Lucrative pay and share options have created an incentive for oil company executives to resist climate action, according to a study by the Climate Accountability Institute that casts doubt on recent net-zero commitments by BP and Shell. Boardroom rewards also underpin a skewed corporate logic that is slowing the world’s path to decarbonisation, according to the study in the Energy Research and Social Science journal.
As public pressure and scientific evidence strengthened, the big four moved through the gears, the study asserts. “Business as usual” (pretending no problem existed) in the 1980s became “incremental adaptation” (casting doubt on the science as an excuse to move slowly) in the 1990s and early 2000s, and has today turned into “partial diversification” (accepting the science, but moving gradually towards long-term goals). Despite the change in tactics and public rhetoric, the long-term strategy was always the same: securing a social licence to extract oil and gas. All four companies plan to continue extracting fossil fuels after 2050.
Co-author of the paper, Dario Kenner of the University of Sussex, said Shell’s and BP’s recent announcement of a net-zero goal by 2050, and Exxon’s and Chevron’s endorsement of carbon pricing, should be seen as similar tactics. Kenner said: “When BP, Shell and others talk of net zero, they are trying to stay part of the decision-making process. They want to be in charge of the transition as much as possible so they can slow it down – that is the whole point of trying to convince society to trust them.”
Compensation packages for CEOs, often in excess of $10m (£7.2m), are linked to continued extraction of fossil fuels, exploration of new fields and the promotion of strong market demand through advertising, lobbying and government subsidies, the report says. The setup with executives runs counter to efforts around the world to keep global heating to 1.5-2C (2.7-3.6F) above pre-industrial levels.
Richard Heede,, a co-author of the paper, said:
“We show that executives have personal ownership of tens or hundreds of thousands of shares, which creates an unacknowledged personal desire to explore, extract and sell fossil fuels. That carbon mindset needs to be revised by realigning compensation towards success in lowering absolute emissions.”
The study tracks ExxonMobil, Chevron, Shell and BP – four of the biggest “carbon major” oil companies – since 1990. Executives had been told of the threat many years earlier, but instead of working on a transition to cleaner, safer forms of energy, they ramped up production, played down risks and adopted public relations campaigns that misleadingly presented oil companies as part of the solution rather than the source of the problem.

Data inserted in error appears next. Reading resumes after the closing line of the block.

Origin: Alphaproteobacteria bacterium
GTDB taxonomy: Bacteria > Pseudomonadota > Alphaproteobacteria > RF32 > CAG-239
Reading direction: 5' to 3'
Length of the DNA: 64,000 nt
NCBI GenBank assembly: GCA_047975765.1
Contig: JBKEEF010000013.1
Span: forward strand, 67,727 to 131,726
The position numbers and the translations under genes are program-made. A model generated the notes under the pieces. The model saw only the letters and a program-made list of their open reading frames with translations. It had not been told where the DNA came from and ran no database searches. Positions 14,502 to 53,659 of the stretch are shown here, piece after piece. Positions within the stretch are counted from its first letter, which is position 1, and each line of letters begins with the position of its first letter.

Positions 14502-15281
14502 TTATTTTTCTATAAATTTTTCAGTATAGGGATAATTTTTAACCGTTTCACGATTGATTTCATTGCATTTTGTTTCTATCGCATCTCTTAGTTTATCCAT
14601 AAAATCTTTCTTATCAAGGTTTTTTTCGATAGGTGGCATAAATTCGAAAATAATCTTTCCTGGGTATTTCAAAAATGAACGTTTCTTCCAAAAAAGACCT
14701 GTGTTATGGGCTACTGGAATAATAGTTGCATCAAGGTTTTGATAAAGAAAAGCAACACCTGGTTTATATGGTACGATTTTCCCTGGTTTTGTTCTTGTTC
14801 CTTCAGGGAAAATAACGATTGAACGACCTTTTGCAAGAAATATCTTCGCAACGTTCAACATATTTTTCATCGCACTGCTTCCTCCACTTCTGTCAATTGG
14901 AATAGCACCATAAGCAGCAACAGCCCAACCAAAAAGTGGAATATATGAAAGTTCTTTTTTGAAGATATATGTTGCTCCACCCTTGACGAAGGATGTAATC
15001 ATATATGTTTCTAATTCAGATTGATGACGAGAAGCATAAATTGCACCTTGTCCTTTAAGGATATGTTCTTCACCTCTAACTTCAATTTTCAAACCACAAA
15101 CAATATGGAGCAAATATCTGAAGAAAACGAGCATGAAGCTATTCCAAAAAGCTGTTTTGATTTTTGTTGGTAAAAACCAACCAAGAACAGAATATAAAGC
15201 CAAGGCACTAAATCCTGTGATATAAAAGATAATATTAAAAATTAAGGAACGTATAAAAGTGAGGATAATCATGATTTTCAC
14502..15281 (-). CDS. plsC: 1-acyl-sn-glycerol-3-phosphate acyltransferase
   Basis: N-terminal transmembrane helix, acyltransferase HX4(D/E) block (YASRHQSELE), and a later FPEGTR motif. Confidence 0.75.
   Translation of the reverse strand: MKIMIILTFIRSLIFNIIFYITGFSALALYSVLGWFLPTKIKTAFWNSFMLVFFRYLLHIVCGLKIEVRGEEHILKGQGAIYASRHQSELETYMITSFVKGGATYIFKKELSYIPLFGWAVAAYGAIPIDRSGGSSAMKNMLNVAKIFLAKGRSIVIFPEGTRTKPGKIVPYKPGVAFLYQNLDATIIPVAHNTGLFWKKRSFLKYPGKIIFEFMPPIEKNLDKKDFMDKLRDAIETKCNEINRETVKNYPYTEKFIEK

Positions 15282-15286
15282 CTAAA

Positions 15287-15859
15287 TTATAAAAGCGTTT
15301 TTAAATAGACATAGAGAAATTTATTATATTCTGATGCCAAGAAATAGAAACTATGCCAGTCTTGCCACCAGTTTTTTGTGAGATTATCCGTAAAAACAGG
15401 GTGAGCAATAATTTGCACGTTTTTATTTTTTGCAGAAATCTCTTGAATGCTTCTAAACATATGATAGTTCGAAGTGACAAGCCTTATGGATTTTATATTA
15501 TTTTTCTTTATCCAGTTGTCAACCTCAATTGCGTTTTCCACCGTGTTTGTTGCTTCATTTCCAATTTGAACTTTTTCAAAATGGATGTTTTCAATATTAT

Between 1990 and 2019 the four companies made a combined profit of about $2tn. A minuscule fraction of these funds has been invested in low-carbon energy. ExxonMobil allocated 0.22% of its capital expenditure to low-carbon energy in the eight years until 2018. The share at Chevron was almost identical. Shell managed 1.3% and BP 2.3%. None were aligned with a 1.5C pathway, the report says.
Instead, the overwhelming bulk of the profits was either ploughed back into oil and gas extraction, invested in buying back shares, paid out in dividends to shareholders or used to lobby politicians, undermine climate science and pay for greenwashing advertisements. In the US, lobbying expenditures for the four companies totalled $731m between 1998 and 2019. Their corporate political donations in the US, stretching back to 1990, were worth $59m.
Kenner explained executive fortunes depended on continuing production and sales. The study examines the high levels of boardroom pay that motivate individuals to continue corporate practices that are destabilising the climate. At least seven executives received more than $10m in 2018, the most recent year covered by the study. Shell’s CEO, Ben van Beurden, was the top earner with $23,069,040. Stock options make up a growing share of that compensation, which the study authors say encourages executives to use profits for share buybacks rather than investment in renewable energy.
Heede said, “This paper shines a light on incentives in corporations that may not align with their public commitments to get to net zero by 2050.”
The paper concludes that oil and gas companies are ill-structured for decarbonisation at the speed and scale demanded by climate science.
The authors said Shell, and to a lesser degree BP, had increased low-carbon investments, but its measures were still insufficient to meet the 1.5C target without significant emissions overshoot. The US firms, they said, were much further behind in responding to the risks.
“Our study clearly shows why it is time to stop spending so much time being distracted by what these companies promise,” Kenner said.